TI 9 2337 Intel GB Nic

Discussion in 'Acronis True Image Product Line' started by Shootist, Mar 15, 2006.

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  1. Shootist

    Shootist Registered Member

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    Has anyone had problems with creating or restoring a image on a PC using a Intell GB NIC when using the rescue CDo_O

    I have had very SLOW speeds doing a restore when booting the PC from the TI boot CD.
    This is on a Dell Optiplex GX260 with Intel onboard GB NIC.
    It seems the drivers included on the boot CD do not configure the NIC properly and it defaults to 10Mbs instead of 100Mbs. Which makes restoring 14-17GB of data take well over a hour.
     
  2. Howard Kaikow

    Howard Kaikow Registered Member

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    Unless, the backup file is on a network drive, the NIC should not matter.
     
  3. Shootist

    Shootist Registered Member

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    Of course the image in on a network drive. Where else would it be when installing a NEW hard drive in the PC and restoring a image so you have a working PC.
     
  4. Howard Kaikow

    Howard Kaikow Registered Member

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    4 example, on an external usb/firewire drive.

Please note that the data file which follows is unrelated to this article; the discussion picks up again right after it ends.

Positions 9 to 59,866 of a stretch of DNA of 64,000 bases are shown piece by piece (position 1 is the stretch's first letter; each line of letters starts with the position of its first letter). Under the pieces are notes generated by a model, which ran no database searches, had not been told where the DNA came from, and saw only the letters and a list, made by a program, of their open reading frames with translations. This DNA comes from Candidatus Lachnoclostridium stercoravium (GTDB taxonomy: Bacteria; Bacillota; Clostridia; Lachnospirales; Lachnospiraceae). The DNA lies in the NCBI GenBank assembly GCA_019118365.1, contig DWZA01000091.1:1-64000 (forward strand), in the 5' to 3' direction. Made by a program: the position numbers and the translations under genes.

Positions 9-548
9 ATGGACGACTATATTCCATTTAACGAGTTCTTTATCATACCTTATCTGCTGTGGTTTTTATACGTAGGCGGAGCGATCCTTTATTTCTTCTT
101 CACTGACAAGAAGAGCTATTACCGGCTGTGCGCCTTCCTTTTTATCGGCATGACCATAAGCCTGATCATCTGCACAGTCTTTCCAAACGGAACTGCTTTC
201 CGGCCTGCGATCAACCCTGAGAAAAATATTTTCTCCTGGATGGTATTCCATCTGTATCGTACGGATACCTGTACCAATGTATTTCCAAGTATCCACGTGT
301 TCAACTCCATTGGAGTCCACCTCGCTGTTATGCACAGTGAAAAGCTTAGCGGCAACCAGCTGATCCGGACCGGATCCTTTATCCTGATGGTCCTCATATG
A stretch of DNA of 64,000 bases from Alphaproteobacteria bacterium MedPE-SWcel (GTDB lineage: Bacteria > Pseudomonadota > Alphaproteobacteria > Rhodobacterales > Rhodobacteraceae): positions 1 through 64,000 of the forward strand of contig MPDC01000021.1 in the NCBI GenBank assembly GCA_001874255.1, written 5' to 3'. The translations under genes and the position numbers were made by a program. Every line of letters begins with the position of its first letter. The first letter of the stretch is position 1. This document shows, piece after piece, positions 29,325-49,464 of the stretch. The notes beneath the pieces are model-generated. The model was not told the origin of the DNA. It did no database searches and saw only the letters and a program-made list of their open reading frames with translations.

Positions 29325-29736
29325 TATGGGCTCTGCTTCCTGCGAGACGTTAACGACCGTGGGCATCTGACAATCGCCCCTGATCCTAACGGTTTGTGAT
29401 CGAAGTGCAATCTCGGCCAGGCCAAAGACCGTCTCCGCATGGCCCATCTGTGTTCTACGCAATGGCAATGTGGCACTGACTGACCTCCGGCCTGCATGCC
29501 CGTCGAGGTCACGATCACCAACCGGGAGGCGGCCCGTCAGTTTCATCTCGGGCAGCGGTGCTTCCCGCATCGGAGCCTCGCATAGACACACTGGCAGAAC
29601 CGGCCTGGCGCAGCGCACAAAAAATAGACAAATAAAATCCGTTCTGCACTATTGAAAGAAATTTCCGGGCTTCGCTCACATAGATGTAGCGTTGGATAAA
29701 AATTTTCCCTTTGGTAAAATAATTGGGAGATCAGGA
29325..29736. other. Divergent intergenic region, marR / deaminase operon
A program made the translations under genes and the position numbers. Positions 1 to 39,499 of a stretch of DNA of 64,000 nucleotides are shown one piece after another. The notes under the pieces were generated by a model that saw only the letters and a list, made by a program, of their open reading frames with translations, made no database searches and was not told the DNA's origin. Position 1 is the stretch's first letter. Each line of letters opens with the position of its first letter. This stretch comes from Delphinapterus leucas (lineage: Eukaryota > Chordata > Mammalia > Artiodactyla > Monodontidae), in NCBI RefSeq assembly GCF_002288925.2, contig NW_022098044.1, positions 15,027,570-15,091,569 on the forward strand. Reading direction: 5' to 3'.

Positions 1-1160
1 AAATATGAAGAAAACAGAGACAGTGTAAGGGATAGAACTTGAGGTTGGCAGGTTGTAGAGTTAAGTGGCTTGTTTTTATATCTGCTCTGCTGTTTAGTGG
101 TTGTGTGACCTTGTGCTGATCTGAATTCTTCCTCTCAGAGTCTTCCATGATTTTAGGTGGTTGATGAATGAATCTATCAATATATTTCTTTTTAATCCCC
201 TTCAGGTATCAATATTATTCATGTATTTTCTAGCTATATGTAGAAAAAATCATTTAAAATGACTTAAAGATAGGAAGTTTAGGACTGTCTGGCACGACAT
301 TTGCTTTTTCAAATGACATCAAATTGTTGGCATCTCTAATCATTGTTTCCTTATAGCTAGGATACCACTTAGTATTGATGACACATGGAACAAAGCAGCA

5. Shootist

    Shootist Registered Member

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    Really I don't mean to be rude but just why would the NIC even come into play and why would I post to this forum about slow speeds if the image I wanted to restore was on either a USB or firewire drive. Clearly if you are using the NIC during the restore the image MUST be on a networked drive.

    Thanks for the input.
     
  6. seekforever

    seekforever Registered Member

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    You don't say if the 14-17GB is the compressed image size which is the amount of data that has to be transferred over the LAN or it is the original/restored size.

    If you do a simple calculation the 100Mbps should support a theoretical maximum of 750MBytes/min. Backing up from my 100Mbps connection within Windows I get about 225Mbytes/min actual. I also have numbers that show when backing up using the standalone CD the number is the same which indicates the network overhead is throttling the process. I realize this is creating and not restoring.